Zwanenberg Advies has been around since 1960. The company helps entrepreneurs with administration, payroll, taxation, etc. Since their official website says they “have an informal company culture and are always up for a good conversation”, we asked Aniëlka Emmen, the company’s project leader, to share her impressions about working with Becky.

“We are very demanding when hiring people because we attach great importance to service. We work on a fixed price basis, which includes everything. Customers can call us anytime without receiving an extra invoice. You need a certain type of employee for that; it’s not everybody’s cup of tea."

Could you share something about yourself and the company Zwanenberg?

Zwanenberg Advies has been around since 1960. We have a wealth of experience, and our expert team is familiar with the challenges that entrepreneurs face every day. We have a personal commitment to our clients and aim to make a difference by continually developing ourselves and offering innovative solutions. We are always on the move, and we take pride in helping your business move forward. We are willing to go that extra mile. Currently, we have around 70 employees, but we are still growing. From our office in Heesch, we work closely with our clients, assisting them with accounting, payroll services, and more. However, we go beyond that by providing practical advice that can truly help entrepreneurs advance. We also organize engaging events and share knowledge through our newsletters. We have an informal company culture and are always open to meaningful conversations. We know our values and what we want to achieve together with our clients.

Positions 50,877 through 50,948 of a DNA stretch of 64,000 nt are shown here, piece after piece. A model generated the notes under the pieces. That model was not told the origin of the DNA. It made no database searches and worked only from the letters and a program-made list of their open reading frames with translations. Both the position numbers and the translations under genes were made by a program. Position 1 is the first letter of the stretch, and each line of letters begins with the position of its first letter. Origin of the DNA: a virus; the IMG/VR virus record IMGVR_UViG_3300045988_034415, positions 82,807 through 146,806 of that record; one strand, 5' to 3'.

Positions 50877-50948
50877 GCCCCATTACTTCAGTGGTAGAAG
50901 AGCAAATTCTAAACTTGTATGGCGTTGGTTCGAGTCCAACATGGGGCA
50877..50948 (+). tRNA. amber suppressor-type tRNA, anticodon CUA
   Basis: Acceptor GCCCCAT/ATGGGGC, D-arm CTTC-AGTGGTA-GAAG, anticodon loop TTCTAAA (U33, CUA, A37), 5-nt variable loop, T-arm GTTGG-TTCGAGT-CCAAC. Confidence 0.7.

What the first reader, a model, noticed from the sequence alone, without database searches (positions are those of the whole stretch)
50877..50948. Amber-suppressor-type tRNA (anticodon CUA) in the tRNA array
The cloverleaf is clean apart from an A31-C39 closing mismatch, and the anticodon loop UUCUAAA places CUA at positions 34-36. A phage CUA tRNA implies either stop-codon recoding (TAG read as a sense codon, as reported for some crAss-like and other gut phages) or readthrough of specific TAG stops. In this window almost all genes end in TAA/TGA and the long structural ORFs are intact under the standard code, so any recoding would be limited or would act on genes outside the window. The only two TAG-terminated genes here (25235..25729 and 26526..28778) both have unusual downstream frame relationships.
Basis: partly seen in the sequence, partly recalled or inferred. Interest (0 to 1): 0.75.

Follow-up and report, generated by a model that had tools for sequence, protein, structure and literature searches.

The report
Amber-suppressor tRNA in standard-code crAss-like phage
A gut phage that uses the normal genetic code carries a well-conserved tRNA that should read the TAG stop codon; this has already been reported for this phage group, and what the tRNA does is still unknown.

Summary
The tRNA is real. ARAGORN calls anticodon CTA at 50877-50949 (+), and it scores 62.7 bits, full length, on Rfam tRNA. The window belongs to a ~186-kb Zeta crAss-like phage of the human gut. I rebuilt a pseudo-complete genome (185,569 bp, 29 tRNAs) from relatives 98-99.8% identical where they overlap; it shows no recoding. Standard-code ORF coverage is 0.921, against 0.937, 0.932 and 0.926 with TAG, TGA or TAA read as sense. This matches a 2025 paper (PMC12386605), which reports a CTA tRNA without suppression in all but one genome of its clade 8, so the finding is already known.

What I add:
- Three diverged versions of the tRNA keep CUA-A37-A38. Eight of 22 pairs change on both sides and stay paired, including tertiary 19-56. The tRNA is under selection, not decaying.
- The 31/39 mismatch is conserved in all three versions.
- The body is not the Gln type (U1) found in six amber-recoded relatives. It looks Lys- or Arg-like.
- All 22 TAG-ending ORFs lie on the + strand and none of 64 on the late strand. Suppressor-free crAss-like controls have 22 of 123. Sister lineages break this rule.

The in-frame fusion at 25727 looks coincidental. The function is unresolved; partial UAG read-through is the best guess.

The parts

How did you come to know Becky?

In late 2021, we were looking for new colleagues, but due to the competitive job market, we were not getting immediate results. Mark, the director of Zwanenberg Advies, got in touch with the co-founder and CEO of Becky. After visiting Belgrade once and getting acquainted with their way of working, it was quickly decided that we would also collaborate with Becky.

Did you initially have doubts about whether working with a remote team would be successful?

I don’t see challenges really, and I’m always open to exploring new paths. I approached this situation with an open mind and tried to make the best of it.

What, in your opinion, are the advantages of working with Becky?

The individuals at Becky, in our case, do not have direct customer contact, so they can stay more focused on the tasks at hand. Additionally, they can bring fresh ideas to the table when it comes to their work.

What steps should Becky’s new partners take to establish a team in Belgrade and organize its hierarchy gradually?

After assessing the reason for establishing a team in Belgrade, new partners should focus on team building. Luckily, this is handled entirely by Becky. Of course, they still need to ensure that the company culture and values are consistent between the headquarters and the Belgrade team. But I believe this becomes much easier once you appoint managers and team leaders responsible for various aspects of the work. Among other things, I would say that open and clear communication, staff training and development, providing feedback and evaluation, and defining hierarchy and reporting, all play vital roles in establishing a team in Belgrade and making it operative.

Last but not least: Foster a culture of trust and autonomy within the Belgrade team. Avoid micromanagement and give team members the freedom to do their work.

You mentioned avoiding micromanagement. Why do you feel it is unnecessary?

Micromanagement is indeed not necessary and can be counterproductive, especially in a remote collaboration. It can be burdensome for the team in the Netherlands and can hinder productivity and morale. The best way to lead a remote team and delegate successfully without micromanaging is to establish clear roles and responsibilities, foster a culture of trust, and implement effective communication and reporting mechanisms.

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